WHAT IS A BLACK BELT? | Side Kicks Family Karate


It’s a piece of material designed to go around your waist, right? Anyone can buy one, make one, or even wear one. Wrong. Anyone can wear one but is your character ready or morally ready for one? Most people feel they are physically ready no matter what shape they are in (excluding true Martial Artists who know differently already, regardless of rank).

Black Belt is not a status once achieved that makes you invincible. It doesn’t make you Superman or woman; that’s comic book stuff. It doesn’t make you less “afraid” in a fearful situation (granted everyone’s fear level is different). It can make you able to handle that fear and use it in a constructive way.

It doesn’t make you hate going to the dentist any less. Your training should help you handle the anxiety, though.

It doesn’t make you any less a victim if you are, say, walking in a dark alley after dark by yourself. It doesn’t mean a mugger will not attack you, hit you, or whatever. Your training should have you avoiding dark alleys after dark by yourself.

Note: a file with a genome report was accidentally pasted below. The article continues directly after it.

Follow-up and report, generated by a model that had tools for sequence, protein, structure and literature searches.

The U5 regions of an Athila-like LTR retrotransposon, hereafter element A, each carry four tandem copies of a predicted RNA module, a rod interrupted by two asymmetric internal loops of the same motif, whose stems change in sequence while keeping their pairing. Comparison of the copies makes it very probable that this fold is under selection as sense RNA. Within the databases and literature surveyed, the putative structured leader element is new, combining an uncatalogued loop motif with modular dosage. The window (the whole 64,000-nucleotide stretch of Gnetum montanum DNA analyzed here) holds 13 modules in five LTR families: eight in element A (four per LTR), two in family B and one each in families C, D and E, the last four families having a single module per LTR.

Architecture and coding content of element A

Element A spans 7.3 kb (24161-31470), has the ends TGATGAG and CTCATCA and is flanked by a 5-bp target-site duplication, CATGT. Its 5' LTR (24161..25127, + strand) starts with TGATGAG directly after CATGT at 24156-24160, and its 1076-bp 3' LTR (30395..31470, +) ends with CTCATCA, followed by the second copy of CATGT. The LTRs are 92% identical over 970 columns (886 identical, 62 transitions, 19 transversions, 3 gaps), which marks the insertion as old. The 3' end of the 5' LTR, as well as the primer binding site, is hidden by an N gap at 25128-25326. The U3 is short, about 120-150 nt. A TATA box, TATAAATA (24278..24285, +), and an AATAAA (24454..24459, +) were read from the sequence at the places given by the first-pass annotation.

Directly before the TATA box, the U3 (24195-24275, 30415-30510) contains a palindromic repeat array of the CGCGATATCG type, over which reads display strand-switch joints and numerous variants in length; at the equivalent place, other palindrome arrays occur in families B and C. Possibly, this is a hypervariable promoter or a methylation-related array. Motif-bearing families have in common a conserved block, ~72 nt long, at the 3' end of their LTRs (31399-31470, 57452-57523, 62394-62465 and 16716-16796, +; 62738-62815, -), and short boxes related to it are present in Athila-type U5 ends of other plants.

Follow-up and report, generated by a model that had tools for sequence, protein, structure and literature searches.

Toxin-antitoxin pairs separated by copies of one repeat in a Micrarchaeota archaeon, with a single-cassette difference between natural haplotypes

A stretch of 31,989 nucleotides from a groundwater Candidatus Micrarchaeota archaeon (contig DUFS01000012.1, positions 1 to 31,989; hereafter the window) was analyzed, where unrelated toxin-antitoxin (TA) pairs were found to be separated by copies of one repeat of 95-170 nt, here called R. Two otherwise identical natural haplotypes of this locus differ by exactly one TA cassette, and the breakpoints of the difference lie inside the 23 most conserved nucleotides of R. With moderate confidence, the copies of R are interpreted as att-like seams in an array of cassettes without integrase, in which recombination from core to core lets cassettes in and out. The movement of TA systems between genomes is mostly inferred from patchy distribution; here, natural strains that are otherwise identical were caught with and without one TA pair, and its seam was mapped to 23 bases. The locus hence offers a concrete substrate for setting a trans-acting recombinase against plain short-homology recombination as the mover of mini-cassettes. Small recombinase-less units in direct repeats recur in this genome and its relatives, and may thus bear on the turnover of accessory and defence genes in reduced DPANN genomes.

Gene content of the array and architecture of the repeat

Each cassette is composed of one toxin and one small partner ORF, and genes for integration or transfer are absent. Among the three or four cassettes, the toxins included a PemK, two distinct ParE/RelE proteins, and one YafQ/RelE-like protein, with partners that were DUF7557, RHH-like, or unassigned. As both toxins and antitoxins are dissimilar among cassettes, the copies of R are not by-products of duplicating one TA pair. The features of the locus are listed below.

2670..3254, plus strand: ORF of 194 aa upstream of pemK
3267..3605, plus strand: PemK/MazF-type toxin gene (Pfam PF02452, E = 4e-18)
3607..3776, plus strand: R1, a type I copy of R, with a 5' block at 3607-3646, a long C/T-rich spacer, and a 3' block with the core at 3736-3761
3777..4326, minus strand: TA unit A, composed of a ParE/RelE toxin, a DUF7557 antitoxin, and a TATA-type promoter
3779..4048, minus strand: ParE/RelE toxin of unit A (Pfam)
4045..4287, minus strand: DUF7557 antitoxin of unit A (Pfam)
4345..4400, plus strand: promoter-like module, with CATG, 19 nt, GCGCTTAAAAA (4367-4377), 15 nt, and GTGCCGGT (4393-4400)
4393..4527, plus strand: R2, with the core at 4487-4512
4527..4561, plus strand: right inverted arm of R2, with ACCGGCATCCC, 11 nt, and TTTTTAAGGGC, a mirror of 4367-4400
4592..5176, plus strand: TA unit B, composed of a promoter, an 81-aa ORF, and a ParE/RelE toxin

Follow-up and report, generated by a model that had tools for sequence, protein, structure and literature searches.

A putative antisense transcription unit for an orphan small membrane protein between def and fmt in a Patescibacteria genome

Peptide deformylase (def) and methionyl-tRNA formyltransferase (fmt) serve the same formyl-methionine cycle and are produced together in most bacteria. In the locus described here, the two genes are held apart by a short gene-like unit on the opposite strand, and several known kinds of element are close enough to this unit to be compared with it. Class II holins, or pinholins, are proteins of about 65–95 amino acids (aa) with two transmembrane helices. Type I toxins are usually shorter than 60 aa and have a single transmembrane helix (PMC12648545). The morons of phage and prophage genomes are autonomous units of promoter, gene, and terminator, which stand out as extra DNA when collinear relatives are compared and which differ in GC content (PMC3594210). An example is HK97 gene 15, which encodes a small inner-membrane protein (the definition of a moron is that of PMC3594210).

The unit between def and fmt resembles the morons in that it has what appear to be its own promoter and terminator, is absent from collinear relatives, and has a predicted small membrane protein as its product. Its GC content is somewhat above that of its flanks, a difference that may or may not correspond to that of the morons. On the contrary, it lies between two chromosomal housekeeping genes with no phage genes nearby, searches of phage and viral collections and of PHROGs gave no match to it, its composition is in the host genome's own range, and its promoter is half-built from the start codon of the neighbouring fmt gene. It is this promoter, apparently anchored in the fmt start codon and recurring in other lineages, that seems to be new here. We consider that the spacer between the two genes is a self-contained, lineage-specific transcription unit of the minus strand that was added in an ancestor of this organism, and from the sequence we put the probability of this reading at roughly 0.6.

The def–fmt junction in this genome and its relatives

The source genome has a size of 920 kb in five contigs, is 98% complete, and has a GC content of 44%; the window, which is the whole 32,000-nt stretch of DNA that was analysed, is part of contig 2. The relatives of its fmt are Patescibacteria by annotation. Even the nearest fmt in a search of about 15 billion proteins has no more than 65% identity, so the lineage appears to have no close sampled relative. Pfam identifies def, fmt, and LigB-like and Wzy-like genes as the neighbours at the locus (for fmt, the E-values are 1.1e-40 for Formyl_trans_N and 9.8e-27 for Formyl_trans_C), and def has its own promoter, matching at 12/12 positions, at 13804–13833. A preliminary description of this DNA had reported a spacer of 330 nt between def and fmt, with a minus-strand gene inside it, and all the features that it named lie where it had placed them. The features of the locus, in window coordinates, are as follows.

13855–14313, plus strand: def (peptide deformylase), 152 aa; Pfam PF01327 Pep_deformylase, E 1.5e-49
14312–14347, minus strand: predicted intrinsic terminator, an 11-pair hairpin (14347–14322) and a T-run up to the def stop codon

Having a Black Belt doesn’t mean you can’t bleed, can’t feel pain, can’t die. Don’t flaunt it. Don’t ask for trouble.

But at the same time don’t be ashamed of all the hard work required to obtain it. Of all the mental discipline it took during your journey of all your sweat and yes…tears, I’m sure, frustration, pain, and happiness.

I wish I had a nickel for every time I heard, “But you’re a Black Belt.” Just because I am a Black Belt doesn’t mean I am any less anxious when my husband gets an emergency call during the night. Again, it’s how I handle it.

Black Belts can break blocks and boards, and necks too, it the situation needed it. But they also should be able to comfort a child, handle grief through tears, and laugh at themselves and with others. In other words, a Black Belt should be a well-rounded, caring, capable human being: One who will not misuse Martial Arts and who will treat her training with the responsibility and reverence, to herself and society, it deserves.

Isn’t that another reason your Black Belt lengths are equal on each side when you tie your belt? The physical is equal to the mental.

My belt is important to me, very. I sweated a lot for that thing. I probably would feel naked without it. But I don’t feel it is as important to me as a Yellow one is to a beginner.

Remember when just holding your new belt was the greatest thing? Don’t get me wrong on this, but at this stage of my training the physical and mental are the most important, I can see beyond the cloth (remember, anyone can buy one).

I would hope that if I never wore a belt to class that a stranger could walk in and see by my attitude and how I acted that I was indeed a true Black Belt.

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